There's nothing here yet
The Armored Combat Vehicle Puma started as a privat-venture betwen Krauss-Maffei and Diehl in 1983. The two first prototypes were ready first in spring 1986 with a Kuka 20mm two men turret and second in autumn with a Diehl 120mm mortar turret.
ACV-Puma was intented as an export armored vehicle of the 16-28 t class.
By 1983 original concept, it was offered with two engine options (400/600hp) to cope with the level of armor protection asked.
The running gear was a mixt of both Leopard-1 and 2 components :
- Leo-1 : road wheels, track support rollers, torsion bars and even the driver's seat ;
- Leo-2 : track adjuster, cooling system components and sproket hub.
It was possible to run the engine outside of its compartment.
In 1988, the concept was improved further :
- the class range reached 38t ;
- the engines offer was 440 or 750hp strong ;
- the chassis was now available in two length (5/6 road wheels) and hight/low profil hull (20cm).
The ACV-Puma was a contender at the Norwegian IFV programme from 1991 and the Turkish 1987 relaunched TIFV programme.
Norway chose CV-90 and Turkey, the AIFV.
(If anyone have information about how it was a serious contender, I'm interested)
It was also evaluated by the Swiss army in 1991. I don't know if it took part to the Char de grenadiers 2000 programme.
In 1983´s concept, the difference betwen the low profil hull and the 20cm higher hight profil hull was obtained by a "box shape vertical raised" rear compartment. With the 1988's design, the front slop is now different to achieve a better ballistic protection.
When considering documentations of this period, it's important to note the mine/IED protection was not a priority like today.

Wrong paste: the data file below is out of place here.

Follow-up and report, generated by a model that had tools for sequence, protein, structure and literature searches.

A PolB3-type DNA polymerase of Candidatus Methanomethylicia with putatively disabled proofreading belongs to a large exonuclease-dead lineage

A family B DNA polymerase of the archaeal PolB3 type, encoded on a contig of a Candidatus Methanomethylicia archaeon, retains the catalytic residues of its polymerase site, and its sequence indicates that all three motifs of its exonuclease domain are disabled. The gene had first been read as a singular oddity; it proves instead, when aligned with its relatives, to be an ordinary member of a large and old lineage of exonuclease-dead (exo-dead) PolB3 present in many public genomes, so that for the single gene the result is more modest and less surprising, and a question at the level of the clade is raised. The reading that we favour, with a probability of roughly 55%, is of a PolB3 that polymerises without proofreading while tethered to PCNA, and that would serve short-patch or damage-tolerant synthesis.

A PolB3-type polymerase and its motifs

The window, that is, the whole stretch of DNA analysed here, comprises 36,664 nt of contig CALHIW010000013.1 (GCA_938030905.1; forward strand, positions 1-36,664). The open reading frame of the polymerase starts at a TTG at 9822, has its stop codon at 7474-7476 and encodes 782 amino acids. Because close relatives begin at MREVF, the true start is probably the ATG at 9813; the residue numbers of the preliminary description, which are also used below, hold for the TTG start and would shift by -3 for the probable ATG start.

I'll post soon a scan showing general layout of the troop compartment. It's a Marder/BMP old fashion one with soldiers facing outside.
Even if it was not a success at exportation, I think ACV-Puma must be known because of both :
- the outdated combat beliefs of the 80's (still vigourous today) ;
- and advanced proposal such as the differential hull length from the drawing board.
I have a question :
Does anyone known if a 6 road wheels chassis was ever built ?
The following is derived from various wanderings, discussions, & tyre kicking, and covers an opinion on the forthcoming Land 400 Phase 3 Request for Tender, and is as per June 2018.
General: Phase 2 will significantly shape participation in Phase 3. Costs for the two bidders that weren’t short listed for the Risk Mitigation Activity (GDLS & Elbit Systems) ran into the tens of millions of dollars. Costs for the losing BAE bid could rightly be assessed as double that. Combined with Rheinmetall’s Phase 2-driven “perceived incumbency”, nobody wants to waste money to be a stalking horse on the Commonwealth’s behalf. There is a plausible risk that only Rheinmetall will bid.
Reorganisation of infantry sections: When Land 400 was conceived, Australian infantry sections consisted of two fire teams of four. This drove the initial “eight dismounts” requirement that has subsequently been relaxed. Now comprising three fire times of three, one of those teams will be the vehicle crew, the other two will dismount, for a total of six dismounts. Recent operational experience has highlighted the need for temporary attachment of specialist personnel, so a platform that has some spare seating could still count for it.